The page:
[Sca-cooks] Questions on theory and proof
Celia des Archier
CeliadesArchier at cox.net
Sun Feb 7 03:13:30 PST 2010
Ian of Oertha said:
> Actually, my favorite example of this in modern times has to
> do with clouds. Meteorologists stated that lightning
> traveled from the ground to the clouds due to charge
> differentials which built up. This was acceptable physical
> law, and when pilots reported seeing some lightning
> travelling UP from the clouds to ABOVE the clouds, scientists
> dismissed this as superstition.
> The theory being: This is a physical law that has been
> discovered, and the math, thereof, works in practice. So any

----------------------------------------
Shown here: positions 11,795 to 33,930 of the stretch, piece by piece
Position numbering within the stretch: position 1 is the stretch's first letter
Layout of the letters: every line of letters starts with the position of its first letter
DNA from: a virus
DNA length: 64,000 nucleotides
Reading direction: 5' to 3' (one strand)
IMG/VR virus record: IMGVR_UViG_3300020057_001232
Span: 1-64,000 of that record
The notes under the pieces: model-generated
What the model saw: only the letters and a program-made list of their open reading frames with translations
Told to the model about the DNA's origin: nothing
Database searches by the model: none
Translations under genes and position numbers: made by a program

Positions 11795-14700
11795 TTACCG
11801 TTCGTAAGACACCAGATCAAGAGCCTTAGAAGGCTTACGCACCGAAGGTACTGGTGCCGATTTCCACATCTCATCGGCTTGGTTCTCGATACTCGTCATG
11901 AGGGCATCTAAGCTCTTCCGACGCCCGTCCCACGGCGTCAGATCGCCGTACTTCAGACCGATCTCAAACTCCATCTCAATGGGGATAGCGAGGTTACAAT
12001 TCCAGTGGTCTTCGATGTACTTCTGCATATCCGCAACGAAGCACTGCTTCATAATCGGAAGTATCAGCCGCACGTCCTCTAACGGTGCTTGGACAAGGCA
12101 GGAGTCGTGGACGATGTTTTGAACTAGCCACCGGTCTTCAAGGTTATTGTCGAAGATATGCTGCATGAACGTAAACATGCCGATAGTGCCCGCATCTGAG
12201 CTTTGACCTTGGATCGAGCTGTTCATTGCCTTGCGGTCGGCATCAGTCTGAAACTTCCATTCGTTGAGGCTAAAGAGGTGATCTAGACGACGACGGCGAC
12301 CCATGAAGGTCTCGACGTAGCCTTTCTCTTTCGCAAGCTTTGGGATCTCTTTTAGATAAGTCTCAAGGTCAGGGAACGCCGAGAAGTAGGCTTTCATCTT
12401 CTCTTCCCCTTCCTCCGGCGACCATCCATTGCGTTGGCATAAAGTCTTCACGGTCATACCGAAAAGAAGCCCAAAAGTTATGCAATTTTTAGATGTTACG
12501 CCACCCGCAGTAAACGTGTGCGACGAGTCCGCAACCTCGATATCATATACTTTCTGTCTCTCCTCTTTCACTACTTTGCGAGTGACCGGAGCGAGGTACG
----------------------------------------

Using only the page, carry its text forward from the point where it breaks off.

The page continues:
> reports to the contrary must be untrue; the math doesn't lie.
> See our perfectly-balanced equations? And we can use these
> equations to predict events that actually do occur.
> Therefore, any accusations of inaccuracy must be false.
Yet another thing that scientists and mathematicians tend to forget (or
ignore) is that math is simply another symbol set... It doesn't explain
everything. They also tend to forget (or ignore) that math itself has had to
"expand" to accurately model reality... several times.
> Turns out, they had to expand the theory, but scientific
> disbelief can hold back the furtherance of knowledge,
Exactly my point. Certainty, of any type, has a way of doing that. And
especially when we're talking about history, assuming that your theory is fact
is generally foolhardy. Which is not to say that you can't have a sound
foundation for whatever your theory is, but being certain that your theory is
the gospel truth just closes doors.
Ah... Isn't epistimology a lovely topic!
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